Cal and Stanford basketball players team up to address LGBT issues

Mikayla Lyles

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Two women’s basketball players from UC Berkeley and Stanford University are teaming up to spark a dialogue and create a safe space for LGBT athletes and straight allies at their respective schools this week.

Cal’s Mikayla Lyles and Stanford’s Toni Kokenis organized panel discussions, a workshop and a clinic as part of an effort they started called We A.R.E. (Athlete Reaching Equality) Pride to coincide with games Thursday and Sunday between the universities’ nationally ranked women’s basketball teams.

Kokenis — who is on Stanford’s roster but is unable to play anymore due to multiple concussions — and Lyles believe LGBT collegiate athletes and even their straight allies are often uneasy about speaking out in support of greater LGBT rights.

“That silence is affecting not only those who are in it and feel like they can’t speak up,” Lyles said. “But it’s silencing those who support the equality in sexuality.”

The panel discussions will focus on diversity and bring together advocates of LGBT acceptance in sports. The first will take place Tuesday at the Field Level Club at Cal’s Memorial Stadium, and the second is scheduled for Wednesday at Stanford’s Burnham Pavilion. Both panels will be held from 7 to 9 p.m.

Before the 8 p.m. game Thursday between Stanford and Cal at Maples Pavilion, the players will put on a workshop to encourage diversity and inclusion for high school students, followed by a youth clinic on teamwork. The two events will be held at Stanford’s Kissick Auditorium and at Maples Practice Facility.

The idea for the events was conceived in the summer when Lyles was working with former Cal teammate and current WNBA player Layshia Clarendon on a public service announcement for Br{ache the Silence, an organization supporting the inclusion of LGBT women in sports. The video, which included women as well as other LGBT and straight female advocates, is part of the group’s All In campaign and was released online in September. Through working on the project, Lyles said she became more aware of the inequalities facing LGBT athletes, especially women.

“There’s a lot of sports in women’s culture that are automatically identified as being an LGBT sport versus a straight sport,” she said. “Especially in basketball, I think the perception is that most women’s basketball players are gay or of that nature. And I think when it comes down to that, you have people that are straight who are trying to prove their identity and people that are gay that are trying to prove their identity.”

For instance, former collegiate standout and current WNBA player Brittney Griner publically acknowledged that she is gay last April. A month later, Griner revealed to ESPN that she was told by her head coach to keep her sexual orientation a secret while playing at Baylor University because it could affect recruiting and the program’s reputation.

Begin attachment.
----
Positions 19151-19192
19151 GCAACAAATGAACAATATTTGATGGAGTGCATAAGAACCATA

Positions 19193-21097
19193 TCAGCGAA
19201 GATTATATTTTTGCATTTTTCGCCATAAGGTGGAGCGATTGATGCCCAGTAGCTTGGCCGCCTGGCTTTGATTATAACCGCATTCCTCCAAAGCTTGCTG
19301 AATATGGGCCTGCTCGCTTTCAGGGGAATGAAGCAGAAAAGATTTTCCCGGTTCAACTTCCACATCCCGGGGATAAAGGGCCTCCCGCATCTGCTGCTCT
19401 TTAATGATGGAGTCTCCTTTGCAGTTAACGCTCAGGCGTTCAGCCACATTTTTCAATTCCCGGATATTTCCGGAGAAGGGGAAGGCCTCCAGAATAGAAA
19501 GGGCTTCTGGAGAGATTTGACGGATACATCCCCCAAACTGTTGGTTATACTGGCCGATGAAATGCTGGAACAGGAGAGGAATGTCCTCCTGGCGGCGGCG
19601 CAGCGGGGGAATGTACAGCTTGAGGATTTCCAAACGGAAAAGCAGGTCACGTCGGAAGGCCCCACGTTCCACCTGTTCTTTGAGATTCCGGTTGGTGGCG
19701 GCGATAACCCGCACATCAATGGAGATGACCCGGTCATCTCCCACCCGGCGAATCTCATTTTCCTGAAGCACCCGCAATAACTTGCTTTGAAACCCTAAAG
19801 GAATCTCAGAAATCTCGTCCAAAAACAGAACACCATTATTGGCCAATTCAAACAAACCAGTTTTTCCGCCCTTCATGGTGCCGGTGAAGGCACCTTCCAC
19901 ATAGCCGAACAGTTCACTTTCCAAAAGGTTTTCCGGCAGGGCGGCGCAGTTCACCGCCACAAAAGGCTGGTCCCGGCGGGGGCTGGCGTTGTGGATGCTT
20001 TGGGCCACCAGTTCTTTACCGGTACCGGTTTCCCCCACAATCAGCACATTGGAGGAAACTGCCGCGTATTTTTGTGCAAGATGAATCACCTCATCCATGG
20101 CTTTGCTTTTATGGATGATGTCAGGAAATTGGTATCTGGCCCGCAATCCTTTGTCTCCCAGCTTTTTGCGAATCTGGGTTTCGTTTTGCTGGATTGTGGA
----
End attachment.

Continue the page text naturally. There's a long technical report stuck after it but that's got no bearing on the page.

Kokenis’ activism began in 2012 when she and three other varsity and club athletes at Stanford co-founded Stanford Athletes and Allies Together to provide a safe space for LGBT athletes and their allies on campus. Since then, she has also helped create a video released last June for the You Can Play Project —  an organization pushing for athletes to be judged on their performance and not by their sexual orientation — that featured 29 members of Stanford’s athletic department. Cal also published a video for the project the same month.

A couple of months later, when Kokenis saw the All In campaign video, she reached out to Lyles, hoping to work together. After meeting, Lyles texted Kokenis with the idea of organizing an event around the games between their respective teams.

From there, the two women pitched the idea to their own coaches and athletic departments and received support and access to facilities. Now, both players are hoping their efforts are mirrored on other college campuses.

“To be honest, this is something where we see Stanford and Cal doing it, but we don’t want it to stop there,” Kokenis said. “We want it to be something that we start, not just like a one-hit wonder.”

Attendees of the Stanford events will receive a ticket to Thursday’s game in Palo Alto. Those present at the panel discussion at Cal will get a ticket for the 1 p.m. game Sunday at Haas Pavilion.

“The greatest thing about this was really Mikayla and Toni’s leadership throughout,” said Jenny Simon-O’Neill, Cal’s associate athletic director of intercollegiate services. “It’s so exciting to see student-athletes take on a cause like this.”

Contact Stephen Hobbs at [email protected].